Once again we borrow from the nicely-done Elmer 101
materials created for the community circa 2000 by David Ek, NK0E
in part 6 of
The Eks Files ... http://eksfiles.net/elmer-101-kit-building-materials/.
particular value NPO capacitor for C7 that gives the proper frequency
tuning range without C7. If you have a counter, connect to jumper wire
between base of Q6 and top hole for C36, with jumpers still installed
from previous steps. Install a jumper between pins 1 and 2 of J2, record
frequency. Move this jumper to pins 2 and 3 of J2, record that
frequency. These are your lower and upper bounds of tuning range without
follow these excellent instructions from the original SW30+ manual. If
you don't have a tuning range near these, change turns on L1 by first
moving existing turn spacing or adding/removing turns as needed.
This looks complicated, but it is not!
With no C7, my frequency range was 10.149 to 10.184 which would put
me pretty much out of the band. That range is roughly 10.150 to 10.180
which is not in the table. Looks like somewhere between 47 pF and 68 pF
would be needed for C7. I tried 47 pF. That gave me a tuning range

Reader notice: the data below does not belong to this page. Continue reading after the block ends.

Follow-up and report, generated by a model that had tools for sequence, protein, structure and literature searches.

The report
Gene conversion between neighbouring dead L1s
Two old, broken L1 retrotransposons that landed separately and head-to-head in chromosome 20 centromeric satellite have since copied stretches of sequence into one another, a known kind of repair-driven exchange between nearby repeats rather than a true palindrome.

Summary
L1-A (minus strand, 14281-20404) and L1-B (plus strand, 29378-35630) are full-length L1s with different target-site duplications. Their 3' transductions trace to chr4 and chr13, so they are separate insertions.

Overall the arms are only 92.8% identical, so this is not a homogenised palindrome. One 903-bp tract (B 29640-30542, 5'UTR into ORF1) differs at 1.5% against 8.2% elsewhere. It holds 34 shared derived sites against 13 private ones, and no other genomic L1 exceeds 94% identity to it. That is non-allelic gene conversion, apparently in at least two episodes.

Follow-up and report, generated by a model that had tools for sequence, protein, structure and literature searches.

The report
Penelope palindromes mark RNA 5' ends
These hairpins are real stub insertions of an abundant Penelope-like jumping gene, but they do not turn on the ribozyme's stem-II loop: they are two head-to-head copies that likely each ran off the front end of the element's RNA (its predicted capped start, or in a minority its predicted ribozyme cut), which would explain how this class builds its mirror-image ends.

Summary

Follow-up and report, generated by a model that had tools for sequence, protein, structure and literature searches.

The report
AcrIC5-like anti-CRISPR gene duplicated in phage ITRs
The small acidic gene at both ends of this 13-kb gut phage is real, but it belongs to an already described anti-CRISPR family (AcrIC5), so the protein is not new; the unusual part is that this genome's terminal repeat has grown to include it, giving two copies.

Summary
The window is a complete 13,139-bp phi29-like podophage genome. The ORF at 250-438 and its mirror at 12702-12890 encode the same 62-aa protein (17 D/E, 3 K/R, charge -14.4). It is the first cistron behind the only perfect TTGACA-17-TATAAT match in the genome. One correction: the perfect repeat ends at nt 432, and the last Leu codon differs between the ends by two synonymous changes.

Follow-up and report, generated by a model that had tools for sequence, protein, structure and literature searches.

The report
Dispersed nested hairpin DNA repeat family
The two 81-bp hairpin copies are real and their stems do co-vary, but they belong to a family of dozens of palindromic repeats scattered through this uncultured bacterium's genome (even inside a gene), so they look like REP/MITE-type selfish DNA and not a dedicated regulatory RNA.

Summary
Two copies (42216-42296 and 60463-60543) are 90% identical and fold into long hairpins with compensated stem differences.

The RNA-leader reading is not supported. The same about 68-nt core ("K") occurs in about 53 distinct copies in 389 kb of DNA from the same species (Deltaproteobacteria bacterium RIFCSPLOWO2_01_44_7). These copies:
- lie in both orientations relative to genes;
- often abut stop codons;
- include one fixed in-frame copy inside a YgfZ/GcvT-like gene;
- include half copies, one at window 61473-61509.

of 10.101 to 10.135. Prefect for my needs. If I wanted to make a finer
adjustment I would just adjust the spacing of the turns on L1.
Don't forget to actually solder the capacitor you pick for C7 to the
For 10.100 – 10.135 MHz operation:
If the frequency
following value for C7
10.100 – 10.120
10.120 – 10.140
10.140 – 10.160
10.160 – 10.180
10.180 – 10.200
10.200 – 10.220
10.220 – 10.240
10.240 – 10.260
table above does not show that more capacitance moves the
frequency higher. It means that more capacitance compensates
for higher frequency. Are we clear on that?
(The approximate formula for
the value of C7 is as follows:)
Δf (KHz) =
1.0 × [C7] (in pF)
Δf is the
desired frequency shift
It’s possible to adjust
the operating frequency as much as 15-20KHz downward by squeezing L1’s
turns more closely together.
values: Without C7, my tuning range was 10.112 to 10.147 Mhz. I tried a
10 pF NPO capacitor I had (I know, it’s not a supplied value) and that
gave me a range of 10.1015 MHz to 10.1358 MHz. I could have adjusted the
spacing of turns on L1 to get right down to 10.100 on the low end but
decided I was close enough to always be in the band.
second half of U4 further amplifies the audio signal after it passes
through Q1. We have been using the transmitter (less the final
amplifier) as a signal source. When we key the transmitter stages at